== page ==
Dr Katherine Foxhall
Wellcome Trust Postdoctoral Research Fellow
+44 (0)20 7848 1277
Department of History
King’s College London
London WC2R 2LS
Katherine studied for her BA, MA and PhD in the History Department and Centre for the History of Medicine at Warwick. After completing her PhD (2008) on the health of Australian emigrants and convicts, she worked at the Centre for the History of Science, Technology and Medicine at the University of Manchester. She joined King's in January 2011 as a Wellcome Trust Postdoctoral Research Fellow. While continuing to work on the modern history of colonial and maritime health, her current main book project is on the cultural and social history of everyday illness since the eighteenth century, taking migraine as a case study.
Social history of health and illness
Colonial medicine and migration
Imprisonment and institutions
Maritime and environmental history
Katherine Foxhall is a Wellcome Trust Post-doctoral Research Fellow in the Department of History.
All of her projects are driven by an interest in how environment, society, culture and life-history affect knowledge and experiences of health and illness. Her first book, based on doctoral and subsequent research, is entitled Health, Medicine and the Sea: Australian Voyages, c. 1815-1860 (Manchester, Manchester University Press, 2012). Katherine continues to research colonial and maritime experiences of health and medicine through studies of colonial vaccination, quarantines, and the common experience of scurvy.
Katherine’s current main research project ‘Migraine and the Migraineur’ is developing a historical account of migraine in the modern period, asking how medical, social and cultural understandings of migraine changed in Britain in the nineteenth and twentieth centuries. It will draw on a wide range of sources including early modern household recipes, the personal correspondence of scientists, physicians and sufferers, nineteenth-century case notes, as well as works of art entered for a series of ‘Migraine Art’ competitions in the 1980s. In particularly interested in examining who gets to represent ideas about health and illness in different times, places and conditions; whose knowledge gets to appear and matter in the historical record; and to consider what different kinds of historical evidence – whether images, recipes, medical treatises, letters and clinical case notes – allow us to say (or not say) about the everyday histories and experience of health and illness more generally.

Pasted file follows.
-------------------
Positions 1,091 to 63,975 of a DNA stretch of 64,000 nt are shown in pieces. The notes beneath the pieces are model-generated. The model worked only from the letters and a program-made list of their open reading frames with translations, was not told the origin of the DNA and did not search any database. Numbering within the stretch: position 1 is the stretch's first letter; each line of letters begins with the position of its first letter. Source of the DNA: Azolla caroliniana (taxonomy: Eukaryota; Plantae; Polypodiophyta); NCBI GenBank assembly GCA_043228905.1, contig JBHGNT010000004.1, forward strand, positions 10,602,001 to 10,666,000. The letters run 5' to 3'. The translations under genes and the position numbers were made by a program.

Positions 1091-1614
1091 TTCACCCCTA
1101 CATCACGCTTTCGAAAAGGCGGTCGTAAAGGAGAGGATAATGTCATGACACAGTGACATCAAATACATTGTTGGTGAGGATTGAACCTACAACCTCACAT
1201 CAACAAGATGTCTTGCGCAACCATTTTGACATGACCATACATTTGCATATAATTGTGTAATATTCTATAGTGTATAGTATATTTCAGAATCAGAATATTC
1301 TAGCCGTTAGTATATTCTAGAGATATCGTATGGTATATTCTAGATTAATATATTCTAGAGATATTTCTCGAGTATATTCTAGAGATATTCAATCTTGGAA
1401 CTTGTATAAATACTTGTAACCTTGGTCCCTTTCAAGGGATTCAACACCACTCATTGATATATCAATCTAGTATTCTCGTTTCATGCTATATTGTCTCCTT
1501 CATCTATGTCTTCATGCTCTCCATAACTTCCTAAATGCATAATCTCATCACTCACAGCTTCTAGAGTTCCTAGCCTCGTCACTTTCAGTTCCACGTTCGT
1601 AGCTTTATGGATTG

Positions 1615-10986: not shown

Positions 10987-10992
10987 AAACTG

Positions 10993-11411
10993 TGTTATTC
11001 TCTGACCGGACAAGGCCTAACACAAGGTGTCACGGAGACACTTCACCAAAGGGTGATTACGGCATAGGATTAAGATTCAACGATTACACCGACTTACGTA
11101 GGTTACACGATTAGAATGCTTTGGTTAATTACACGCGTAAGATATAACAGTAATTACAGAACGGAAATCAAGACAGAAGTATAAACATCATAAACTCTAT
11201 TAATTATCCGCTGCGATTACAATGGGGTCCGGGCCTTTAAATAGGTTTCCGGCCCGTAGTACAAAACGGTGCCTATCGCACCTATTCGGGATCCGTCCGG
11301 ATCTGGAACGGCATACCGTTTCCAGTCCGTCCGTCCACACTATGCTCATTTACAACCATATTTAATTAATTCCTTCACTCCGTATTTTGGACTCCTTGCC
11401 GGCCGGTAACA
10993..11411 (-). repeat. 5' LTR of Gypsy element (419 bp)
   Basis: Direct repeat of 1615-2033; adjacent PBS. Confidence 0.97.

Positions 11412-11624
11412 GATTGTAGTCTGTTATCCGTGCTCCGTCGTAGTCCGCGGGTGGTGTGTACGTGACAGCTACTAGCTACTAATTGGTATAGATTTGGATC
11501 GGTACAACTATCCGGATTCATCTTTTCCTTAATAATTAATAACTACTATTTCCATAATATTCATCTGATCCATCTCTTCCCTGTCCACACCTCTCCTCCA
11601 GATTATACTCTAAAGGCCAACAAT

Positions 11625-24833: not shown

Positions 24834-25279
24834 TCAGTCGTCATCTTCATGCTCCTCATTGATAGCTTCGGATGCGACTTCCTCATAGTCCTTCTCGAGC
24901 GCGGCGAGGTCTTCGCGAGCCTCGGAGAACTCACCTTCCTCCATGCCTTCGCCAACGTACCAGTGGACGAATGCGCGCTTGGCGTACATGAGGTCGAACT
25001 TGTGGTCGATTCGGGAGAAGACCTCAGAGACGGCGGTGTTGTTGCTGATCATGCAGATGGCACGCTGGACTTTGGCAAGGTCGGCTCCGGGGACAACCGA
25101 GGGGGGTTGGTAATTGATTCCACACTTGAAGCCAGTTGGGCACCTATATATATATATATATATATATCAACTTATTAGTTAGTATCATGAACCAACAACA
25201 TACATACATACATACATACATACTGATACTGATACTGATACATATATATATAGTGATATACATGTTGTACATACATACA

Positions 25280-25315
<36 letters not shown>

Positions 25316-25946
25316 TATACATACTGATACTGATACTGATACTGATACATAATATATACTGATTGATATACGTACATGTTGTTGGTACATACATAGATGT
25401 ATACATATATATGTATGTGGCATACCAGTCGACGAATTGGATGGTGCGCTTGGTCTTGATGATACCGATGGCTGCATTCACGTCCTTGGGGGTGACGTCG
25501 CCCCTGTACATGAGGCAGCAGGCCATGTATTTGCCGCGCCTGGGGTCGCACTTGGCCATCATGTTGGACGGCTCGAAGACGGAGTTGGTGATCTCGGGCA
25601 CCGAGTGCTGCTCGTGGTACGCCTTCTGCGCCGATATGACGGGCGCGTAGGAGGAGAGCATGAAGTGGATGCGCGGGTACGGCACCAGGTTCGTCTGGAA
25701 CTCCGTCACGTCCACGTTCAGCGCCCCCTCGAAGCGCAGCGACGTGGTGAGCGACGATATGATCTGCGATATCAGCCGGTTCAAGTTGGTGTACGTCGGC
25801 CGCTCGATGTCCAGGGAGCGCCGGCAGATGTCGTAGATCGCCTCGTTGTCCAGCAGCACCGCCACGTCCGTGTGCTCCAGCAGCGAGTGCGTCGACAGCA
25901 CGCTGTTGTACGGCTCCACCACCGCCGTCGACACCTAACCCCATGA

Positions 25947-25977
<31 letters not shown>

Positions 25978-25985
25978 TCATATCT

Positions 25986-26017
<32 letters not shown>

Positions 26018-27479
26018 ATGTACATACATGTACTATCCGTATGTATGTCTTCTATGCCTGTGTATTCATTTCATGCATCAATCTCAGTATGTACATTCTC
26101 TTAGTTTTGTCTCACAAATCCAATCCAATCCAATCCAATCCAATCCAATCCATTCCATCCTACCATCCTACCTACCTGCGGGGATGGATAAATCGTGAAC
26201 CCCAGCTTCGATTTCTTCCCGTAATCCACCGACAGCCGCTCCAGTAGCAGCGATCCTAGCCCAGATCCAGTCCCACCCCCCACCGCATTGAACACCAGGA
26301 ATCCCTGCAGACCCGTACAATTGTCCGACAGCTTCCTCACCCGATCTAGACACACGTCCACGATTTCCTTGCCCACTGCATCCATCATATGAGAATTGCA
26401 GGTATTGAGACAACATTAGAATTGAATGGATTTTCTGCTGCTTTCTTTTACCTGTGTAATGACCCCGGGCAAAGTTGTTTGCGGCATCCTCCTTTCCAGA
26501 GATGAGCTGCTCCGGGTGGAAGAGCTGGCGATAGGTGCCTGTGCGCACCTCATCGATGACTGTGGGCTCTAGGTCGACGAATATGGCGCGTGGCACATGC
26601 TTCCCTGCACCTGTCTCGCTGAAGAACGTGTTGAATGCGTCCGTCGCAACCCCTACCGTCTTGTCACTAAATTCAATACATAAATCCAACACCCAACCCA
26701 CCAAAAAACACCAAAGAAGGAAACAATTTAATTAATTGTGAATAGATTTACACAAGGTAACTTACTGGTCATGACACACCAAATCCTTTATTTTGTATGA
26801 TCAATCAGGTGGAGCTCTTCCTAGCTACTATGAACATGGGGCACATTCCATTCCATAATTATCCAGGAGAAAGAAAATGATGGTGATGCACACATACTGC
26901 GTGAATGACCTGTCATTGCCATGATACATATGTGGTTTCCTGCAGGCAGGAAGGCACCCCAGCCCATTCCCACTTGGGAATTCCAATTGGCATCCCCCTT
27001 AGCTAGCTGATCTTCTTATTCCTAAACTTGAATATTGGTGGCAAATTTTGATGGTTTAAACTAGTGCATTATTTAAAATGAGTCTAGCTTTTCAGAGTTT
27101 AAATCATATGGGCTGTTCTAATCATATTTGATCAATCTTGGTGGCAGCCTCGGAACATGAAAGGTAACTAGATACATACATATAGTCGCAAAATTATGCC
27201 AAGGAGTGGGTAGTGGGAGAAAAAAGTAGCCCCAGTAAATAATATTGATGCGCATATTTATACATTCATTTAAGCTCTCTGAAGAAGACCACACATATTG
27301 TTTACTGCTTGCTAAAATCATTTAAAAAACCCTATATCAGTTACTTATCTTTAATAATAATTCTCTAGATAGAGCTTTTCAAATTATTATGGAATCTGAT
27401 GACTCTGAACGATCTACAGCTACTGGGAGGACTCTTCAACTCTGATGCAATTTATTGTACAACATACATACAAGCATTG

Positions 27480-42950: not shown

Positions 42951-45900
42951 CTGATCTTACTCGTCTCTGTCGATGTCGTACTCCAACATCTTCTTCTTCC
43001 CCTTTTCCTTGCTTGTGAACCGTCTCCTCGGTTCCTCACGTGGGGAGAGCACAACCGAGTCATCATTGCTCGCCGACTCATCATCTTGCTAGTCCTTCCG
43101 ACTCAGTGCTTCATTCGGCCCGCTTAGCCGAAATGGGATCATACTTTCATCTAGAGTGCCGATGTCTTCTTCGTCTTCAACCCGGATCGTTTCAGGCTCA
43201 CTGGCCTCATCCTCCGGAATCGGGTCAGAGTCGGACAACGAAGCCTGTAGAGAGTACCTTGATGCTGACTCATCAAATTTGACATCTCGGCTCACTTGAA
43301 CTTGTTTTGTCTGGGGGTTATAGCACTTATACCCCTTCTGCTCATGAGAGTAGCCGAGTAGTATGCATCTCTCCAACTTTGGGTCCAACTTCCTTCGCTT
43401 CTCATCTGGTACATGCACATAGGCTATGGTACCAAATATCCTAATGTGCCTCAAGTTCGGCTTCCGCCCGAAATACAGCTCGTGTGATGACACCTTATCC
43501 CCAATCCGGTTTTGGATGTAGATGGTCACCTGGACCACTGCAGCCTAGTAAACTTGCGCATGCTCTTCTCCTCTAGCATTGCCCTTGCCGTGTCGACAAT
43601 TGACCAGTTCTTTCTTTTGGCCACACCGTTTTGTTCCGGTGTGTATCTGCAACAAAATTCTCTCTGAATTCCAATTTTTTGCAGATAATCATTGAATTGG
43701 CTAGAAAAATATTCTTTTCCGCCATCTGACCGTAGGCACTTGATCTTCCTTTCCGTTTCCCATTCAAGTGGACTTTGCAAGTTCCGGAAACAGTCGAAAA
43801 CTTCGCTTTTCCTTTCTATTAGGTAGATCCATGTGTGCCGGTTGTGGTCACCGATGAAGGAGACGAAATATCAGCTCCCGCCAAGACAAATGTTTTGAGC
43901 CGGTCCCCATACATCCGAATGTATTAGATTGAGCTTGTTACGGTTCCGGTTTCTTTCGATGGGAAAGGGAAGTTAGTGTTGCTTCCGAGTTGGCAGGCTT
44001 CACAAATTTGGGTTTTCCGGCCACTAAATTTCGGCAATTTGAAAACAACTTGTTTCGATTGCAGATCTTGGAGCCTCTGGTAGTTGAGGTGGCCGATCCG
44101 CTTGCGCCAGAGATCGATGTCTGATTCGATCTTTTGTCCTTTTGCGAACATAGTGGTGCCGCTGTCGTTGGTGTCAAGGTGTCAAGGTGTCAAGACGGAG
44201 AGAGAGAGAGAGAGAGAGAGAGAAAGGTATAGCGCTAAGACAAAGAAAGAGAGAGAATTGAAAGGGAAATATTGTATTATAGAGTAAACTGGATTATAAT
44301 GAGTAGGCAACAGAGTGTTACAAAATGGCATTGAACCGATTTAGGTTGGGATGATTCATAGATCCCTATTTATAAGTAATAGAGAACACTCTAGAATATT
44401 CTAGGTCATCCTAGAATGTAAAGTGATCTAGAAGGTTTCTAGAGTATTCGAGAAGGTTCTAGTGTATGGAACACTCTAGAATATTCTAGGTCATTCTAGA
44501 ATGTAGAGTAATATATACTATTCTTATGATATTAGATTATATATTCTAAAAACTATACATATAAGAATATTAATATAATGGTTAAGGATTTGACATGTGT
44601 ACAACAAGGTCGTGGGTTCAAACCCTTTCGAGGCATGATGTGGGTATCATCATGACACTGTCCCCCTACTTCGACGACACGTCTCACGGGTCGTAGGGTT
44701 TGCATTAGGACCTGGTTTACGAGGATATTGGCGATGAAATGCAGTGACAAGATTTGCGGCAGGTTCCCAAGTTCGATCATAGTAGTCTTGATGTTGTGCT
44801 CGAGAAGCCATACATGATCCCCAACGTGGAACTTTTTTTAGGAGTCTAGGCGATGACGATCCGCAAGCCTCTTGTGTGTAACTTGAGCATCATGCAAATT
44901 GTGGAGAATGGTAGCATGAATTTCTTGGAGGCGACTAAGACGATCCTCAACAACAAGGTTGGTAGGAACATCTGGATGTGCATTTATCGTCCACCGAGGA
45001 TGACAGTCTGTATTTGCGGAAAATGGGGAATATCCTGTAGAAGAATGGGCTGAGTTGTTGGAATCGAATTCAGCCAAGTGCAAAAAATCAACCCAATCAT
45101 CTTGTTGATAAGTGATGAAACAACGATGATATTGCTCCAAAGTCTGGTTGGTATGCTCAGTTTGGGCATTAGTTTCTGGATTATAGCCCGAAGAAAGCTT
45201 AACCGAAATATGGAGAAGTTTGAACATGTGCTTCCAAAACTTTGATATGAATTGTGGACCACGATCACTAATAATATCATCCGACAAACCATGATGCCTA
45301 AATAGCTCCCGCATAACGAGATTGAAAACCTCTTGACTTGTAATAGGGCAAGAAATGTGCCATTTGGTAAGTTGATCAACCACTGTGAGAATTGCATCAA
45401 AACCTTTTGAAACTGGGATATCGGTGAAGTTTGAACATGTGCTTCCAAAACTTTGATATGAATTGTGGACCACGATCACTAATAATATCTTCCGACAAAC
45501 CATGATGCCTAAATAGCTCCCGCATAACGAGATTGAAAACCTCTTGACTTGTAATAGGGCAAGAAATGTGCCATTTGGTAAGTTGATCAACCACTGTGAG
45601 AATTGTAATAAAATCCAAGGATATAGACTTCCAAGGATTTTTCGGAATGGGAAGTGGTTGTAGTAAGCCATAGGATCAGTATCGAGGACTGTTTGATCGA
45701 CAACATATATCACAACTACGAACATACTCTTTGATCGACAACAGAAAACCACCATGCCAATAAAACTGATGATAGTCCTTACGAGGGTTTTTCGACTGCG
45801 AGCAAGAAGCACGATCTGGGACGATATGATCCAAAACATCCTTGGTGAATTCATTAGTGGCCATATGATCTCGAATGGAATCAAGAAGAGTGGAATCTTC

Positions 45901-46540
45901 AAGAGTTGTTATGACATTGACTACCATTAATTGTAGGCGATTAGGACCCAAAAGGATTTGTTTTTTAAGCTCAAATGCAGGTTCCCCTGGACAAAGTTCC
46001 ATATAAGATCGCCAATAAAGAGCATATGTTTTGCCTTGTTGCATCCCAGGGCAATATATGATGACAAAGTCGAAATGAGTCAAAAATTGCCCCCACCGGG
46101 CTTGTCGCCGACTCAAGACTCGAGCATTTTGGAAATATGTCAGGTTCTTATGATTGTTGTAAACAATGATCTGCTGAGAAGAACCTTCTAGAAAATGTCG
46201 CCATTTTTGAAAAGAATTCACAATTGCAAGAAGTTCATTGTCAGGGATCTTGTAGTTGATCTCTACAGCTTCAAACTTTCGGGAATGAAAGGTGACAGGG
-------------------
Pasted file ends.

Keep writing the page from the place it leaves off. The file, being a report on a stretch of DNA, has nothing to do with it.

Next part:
Health, Medicine and the Sea: Australian Voyages, c.1815 – 1860 (Manchester: Manchester University Press, 2012).
Research Articles/Book Chapters
‘The Colonial Travels and Travails of Smallpox Vaccine, c.1820–1840’, in Hilary Marland and Catherine Cox (eds) Migration, Health & Ethnicity in the Modern World (Palgrave Macmillan, forthcoming 2013).
‘From convicts to colonists: the diseases of prisoners and the voyage to Australia, 1823 – 1852’, Journal of Imperial and Commonwealth History 39:1 (March 2011), 1-19.
‘Fevers, Immigration and Quarantine in New South Wales, 1837 – 1841’, Social History of Medicine, (advanced access online, February 2011).
‘Heat, calms and witches in the sky: Interpreting the tropical Atlantic in the mid nineteenth century’. Weather, Climate and Society 2:2 (April 2010), 91-102.
Expertise and public engagement
Katherine regularly contributes to blogs and is keen to talk publicly about the everyday history of health and illness. For example, she developed a ‘tasting’ session on ‘Scurvy, Gunpowder and Limes’ for schoolchildren at Manchester Science Festival, has contributed to BBC Radio 4’s Questions, Questions, and a podcast on migraine for BBC History Magazine (scroll down to 2 September 2011).